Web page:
A quick video we put together that demonstrates the differences between 2D, 2.5D, and 3D animation.

8: Parallax (parallaxing)

In 2.5D animation, this is what happens when multiple layers are distributed in Z-depth and a camera moves through the scene. Basically, it’s how we create a sense of depth in animation by speeding up items closer to the camera, and slowing down the ones farther away. Imagine driving on the highway and seeing how quickly the trees on the side of the road leave your field of vision as opposed to the clouds off in the distance. Using parallaxing is a quick way to make your animation feel more dynamic with minimal additional cost.

This example is quick but notice how the background elements like the school and mountains are moving slower than the trees? Parallaxing.

9: Adobe Illustrator vs Adobe Photoshop (vector vs bitmap images)

Adobe Illustrator creates art files that are vectors. Adobe Photoshop creates art files that are bitmap. Vector images are mathematically based and allow for infinite scaling. A vector image can be made at the size of a stamp, but can be scaled to the size of a billboard while still retaining nice sharp clean edges. A bitmap image made at the size of a stamp can only be scaled about 20 percent before it gets blurry. A billboard would have no hope. Vectors are more flexible for animating if you’re not sure what scale you want your image to be. If later you decide you’d like your animated character to be 200 percent larger, it’s a pretty quick change if the image is vector. If it’s a bitmap image, you’re looking at a costly re-build. How we avoid this hidden cost when working with bitmaps is by creating larger than necessary artwork and working with it at smaller scales inside of the animation software. The artwork will still lose a small amount of fidelity when scaling down, but only a small amount. If the animation studio is in charge of creating assets for the video, let them worry about this. If you’re passing assets off to be animated, let the animator know whether they are vector or bitmap so they can create the storyboards factoring in potential scaling issues.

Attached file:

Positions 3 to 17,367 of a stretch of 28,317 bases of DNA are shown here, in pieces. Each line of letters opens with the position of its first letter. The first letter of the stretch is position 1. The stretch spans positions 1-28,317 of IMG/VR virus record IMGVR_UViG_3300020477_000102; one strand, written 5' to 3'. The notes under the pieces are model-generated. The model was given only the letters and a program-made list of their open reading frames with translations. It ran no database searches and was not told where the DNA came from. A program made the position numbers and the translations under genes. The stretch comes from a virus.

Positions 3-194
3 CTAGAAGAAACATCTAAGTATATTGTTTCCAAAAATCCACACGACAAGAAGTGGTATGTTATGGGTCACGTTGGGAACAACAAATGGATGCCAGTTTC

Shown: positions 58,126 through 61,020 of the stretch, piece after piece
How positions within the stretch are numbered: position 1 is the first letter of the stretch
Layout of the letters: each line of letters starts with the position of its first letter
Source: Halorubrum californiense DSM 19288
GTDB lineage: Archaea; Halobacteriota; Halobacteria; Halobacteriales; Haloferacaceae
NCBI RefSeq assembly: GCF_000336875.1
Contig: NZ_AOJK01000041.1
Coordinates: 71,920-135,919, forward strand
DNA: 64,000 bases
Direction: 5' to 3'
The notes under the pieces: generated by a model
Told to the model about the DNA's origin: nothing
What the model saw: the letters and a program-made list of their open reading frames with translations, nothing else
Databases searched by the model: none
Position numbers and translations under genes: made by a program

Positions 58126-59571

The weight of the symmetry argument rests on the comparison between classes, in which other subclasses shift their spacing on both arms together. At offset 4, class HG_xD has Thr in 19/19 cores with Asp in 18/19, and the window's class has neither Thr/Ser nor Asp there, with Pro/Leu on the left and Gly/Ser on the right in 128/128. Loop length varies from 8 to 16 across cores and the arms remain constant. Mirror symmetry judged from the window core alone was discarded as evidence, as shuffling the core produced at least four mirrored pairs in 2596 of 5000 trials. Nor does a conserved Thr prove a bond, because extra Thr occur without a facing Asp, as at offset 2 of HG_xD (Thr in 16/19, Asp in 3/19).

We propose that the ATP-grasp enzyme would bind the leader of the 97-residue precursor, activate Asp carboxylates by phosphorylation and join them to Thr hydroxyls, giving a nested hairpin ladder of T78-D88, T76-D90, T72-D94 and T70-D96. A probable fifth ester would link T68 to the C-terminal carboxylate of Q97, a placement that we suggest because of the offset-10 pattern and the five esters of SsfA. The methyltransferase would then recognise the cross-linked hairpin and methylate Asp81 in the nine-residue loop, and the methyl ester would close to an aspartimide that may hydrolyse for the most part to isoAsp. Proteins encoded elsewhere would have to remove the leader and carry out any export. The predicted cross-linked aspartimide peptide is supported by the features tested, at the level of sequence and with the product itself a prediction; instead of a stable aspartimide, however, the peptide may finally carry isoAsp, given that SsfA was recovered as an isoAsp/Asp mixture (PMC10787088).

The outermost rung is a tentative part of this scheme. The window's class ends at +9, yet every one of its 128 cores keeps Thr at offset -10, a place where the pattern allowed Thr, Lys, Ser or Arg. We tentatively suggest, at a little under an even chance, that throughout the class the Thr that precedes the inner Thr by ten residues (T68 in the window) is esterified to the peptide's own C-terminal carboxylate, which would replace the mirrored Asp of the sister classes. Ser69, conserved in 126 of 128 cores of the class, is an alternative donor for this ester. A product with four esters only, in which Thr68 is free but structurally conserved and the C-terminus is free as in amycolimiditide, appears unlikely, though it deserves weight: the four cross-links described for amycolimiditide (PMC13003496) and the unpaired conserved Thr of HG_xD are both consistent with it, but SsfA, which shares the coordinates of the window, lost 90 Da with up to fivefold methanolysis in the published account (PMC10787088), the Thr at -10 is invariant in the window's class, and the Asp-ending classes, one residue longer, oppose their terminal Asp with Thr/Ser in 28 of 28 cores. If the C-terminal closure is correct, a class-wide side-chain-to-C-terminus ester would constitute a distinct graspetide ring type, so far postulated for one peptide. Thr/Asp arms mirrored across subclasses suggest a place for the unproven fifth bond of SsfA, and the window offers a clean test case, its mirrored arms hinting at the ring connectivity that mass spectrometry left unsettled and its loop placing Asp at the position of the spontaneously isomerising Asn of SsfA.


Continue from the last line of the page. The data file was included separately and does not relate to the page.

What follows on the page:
Tip: Be sure to ask if future unforeseen change requests to the artwork will mean additional costs

10: Rendering

This is the phase of animation when we package up all the layers, animations, lights, cameras, effects, music, voice over, and other goodies into a neat, playable video format. As a motion designer animates, they’re generally looking at their work at a smaller format than the final video output to keep the computer from stuttering the playback. Depending on the intensity, rendering the compiled final video may take anywhere from a handful of minutes to days. Animators can really only give you an estimated render time because there are so many factors such as computer specs, software specs, and what type of animation is being rendered. Which is why we prefer morning delivery times opposed to EOD (gives us the night hours for wiggle room), but that’s just us.

Hopefully this explanation of motion designer terms will help you save time and money. If you’d like to see these terms in action — or if you’d like to get in touch for anything else — you can visit our website:

(and if you’d like to have a handy formatted PDF of these terms for quick reference, you can enter your email address at the bottom of our website for a link to download the document.

Copyright © 2019 NOCTURNAL, LLC, All rights reserved.

Nocturnal Motion Design

Written by

Motion Design // 2D & 3D Animation, Motion Graphics, VFX, Compositing